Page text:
Following the endorsement of its sister paper the Observer and its leading columnist Polly Toynbee, the Guardian editorial today all-but formally recommends its readers vote for the Lib Dems in this Thursday’s Euro polls:

The case for supporting the Liberal Democrats is now very strong. Anyone who believes Britain should be an engaged member of the European Union – who does not believe scare stories about the Lisbon treaty and who wants to back a party that campaigns on this – should vote Lib Dem. So should anyone who cares about constitutional renewal. Nick Clegg’s party has ancestral

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What’s the significance of today’s Observer editorial?

The Observer coming out today and urging a vote for the Liberal Democrats will have put a spring in the step of many deliverers, canvassers and poster teams around the country, especially when combined with the news of the Telegraph ICM poll putting the Liberal Democrats in second place.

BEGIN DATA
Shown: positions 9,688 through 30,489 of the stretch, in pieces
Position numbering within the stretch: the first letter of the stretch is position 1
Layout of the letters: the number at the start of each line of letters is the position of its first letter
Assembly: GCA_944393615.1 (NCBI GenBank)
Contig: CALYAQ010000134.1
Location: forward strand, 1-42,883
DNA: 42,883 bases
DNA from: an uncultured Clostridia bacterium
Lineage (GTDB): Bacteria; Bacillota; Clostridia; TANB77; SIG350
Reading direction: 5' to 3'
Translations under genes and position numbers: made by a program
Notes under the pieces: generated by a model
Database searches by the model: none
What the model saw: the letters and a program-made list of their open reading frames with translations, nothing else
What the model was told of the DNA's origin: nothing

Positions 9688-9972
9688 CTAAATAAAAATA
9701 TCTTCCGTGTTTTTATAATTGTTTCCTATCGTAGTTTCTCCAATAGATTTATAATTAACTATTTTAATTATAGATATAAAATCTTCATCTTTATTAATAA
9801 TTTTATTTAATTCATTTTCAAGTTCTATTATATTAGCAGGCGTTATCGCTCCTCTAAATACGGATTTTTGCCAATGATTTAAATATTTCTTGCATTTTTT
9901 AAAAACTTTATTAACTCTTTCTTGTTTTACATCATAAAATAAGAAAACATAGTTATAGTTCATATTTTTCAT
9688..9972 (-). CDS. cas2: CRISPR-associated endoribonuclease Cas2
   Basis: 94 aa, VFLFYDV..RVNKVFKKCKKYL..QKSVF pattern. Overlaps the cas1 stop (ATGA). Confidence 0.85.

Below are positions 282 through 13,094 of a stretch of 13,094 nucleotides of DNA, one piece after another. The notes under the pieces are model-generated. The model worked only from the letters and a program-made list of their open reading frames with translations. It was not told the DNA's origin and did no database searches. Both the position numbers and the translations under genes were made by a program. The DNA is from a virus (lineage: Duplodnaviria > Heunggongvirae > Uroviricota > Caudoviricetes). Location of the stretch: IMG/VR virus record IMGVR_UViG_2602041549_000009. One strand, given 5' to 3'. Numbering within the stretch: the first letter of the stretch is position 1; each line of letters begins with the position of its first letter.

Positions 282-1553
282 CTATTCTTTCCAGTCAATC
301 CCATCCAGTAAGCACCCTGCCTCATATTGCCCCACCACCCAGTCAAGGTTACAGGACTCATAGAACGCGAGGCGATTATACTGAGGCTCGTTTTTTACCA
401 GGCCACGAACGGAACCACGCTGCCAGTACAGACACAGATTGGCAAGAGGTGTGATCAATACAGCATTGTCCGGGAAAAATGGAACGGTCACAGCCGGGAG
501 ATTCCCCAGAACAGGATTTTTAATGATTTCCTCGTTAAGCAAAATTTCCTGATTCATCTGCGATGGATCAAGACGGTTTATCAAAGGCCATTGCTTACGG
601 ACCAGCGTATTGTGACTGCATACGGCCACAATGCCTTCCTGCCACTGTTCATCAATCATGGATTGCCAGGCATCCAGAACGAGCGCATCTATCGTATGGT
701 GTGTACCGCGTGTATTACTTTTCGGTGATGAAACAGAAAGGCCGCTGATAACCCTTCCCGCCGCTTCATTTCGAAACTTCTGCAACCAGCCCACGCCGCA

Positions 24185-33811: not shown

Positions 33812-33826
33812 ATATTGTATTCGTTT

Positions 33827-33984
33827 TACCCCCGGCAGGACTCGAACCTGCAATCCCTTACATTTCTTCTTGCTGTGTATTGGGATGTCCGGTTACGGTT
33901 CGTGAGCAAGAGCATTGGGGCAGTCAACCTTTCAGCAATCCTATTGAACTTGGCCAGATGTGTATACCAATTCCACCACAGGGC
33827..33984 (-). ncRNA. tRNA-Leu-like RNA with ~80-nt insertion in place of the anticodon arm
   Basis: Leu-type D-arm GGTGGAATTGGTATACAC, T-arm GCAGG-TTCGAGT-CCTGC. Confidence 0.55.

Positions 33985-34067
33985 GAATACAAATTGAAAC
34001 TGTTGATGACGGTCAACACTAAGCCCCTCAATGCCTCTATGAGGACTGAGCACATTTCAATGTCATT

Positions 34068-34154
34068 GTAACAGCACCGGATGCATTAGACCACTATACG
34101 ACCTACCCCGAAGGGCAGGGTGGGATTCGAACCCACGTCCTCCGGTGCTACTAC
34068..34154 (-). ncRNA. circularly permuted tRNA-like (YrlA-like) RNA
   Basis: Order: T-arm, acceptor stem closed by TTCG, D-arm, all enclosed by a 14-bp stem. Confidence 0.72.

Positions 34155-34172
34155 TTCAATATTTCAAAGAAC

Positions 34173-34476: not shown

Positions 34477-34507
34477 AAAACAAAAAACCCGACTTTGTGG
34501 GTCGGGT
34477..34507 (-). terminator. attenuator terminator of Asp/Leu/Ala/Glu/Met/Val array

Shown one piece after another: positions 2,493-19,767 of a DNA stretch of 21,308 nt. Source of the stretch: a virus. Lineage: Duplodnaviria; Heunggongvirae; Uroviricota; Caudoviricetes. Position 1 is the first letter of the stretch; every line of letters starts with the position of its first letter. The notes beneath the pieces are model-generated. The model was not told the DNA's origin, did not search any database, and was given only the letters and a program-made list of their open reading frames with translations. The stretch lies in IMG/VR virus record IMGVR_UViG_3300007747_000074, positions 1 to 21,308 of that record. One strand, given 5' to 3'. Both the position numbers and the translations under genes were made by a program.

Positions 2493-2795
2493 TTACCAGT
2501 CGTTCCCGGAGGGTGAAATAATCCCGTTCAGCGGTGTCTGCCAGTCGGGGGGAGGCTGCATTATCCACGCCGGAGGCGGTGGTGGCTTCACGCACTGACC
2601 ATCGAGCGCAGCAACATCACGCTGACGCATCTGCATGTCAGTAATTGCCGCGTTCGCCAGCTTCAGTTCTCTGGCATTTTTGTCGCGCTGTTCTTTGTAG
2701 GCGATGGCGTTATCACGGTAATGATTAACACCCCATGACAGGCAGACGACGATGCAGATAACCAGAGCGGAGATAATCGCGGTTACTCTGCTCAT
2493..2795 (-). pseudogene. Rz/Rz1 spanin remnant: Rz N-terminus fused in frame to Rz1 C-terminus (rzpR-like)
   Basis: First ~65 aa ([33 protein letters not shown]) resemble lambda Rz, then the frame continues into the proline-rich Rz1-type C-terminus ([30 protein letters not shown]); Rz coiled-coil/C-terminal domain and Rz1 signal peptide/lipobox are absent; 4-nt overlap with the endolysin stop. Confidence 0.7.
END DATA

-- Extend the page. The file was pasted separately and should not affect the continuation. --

In the past both the sister papers – Guardian and Observer – have toyed with urging Liberal Democrat votes, saying nice things about the party and urging tactical voting whilst falling short of the sort of clear support for Lib Dem votes that today’s Observer has. Indeed, it’s easy to joke …

Posted in News | Also tagged | 21 Comments

The Observer says: vote Liberal Democrat

From today’s leader:

Nick Clegg is the most instinctively European leader at Westminster. That is currently a lonely position, but the Lib Dems have a decent record of taking minority stands that are later vindicated. On the environment, on civil liberties and on the mounting debt bubble, the Lib Dems were quietly but consistently ahead of the Westminster curve.

Likewise on transparency. In 2007, they opposed the Conservative move, tacitly encouraged by Labour, to exempt Parliament from the Freedom of Information Act. The Lib Dems alone took a party line for openness…

While MPs from all parties are tainted, the parties themselves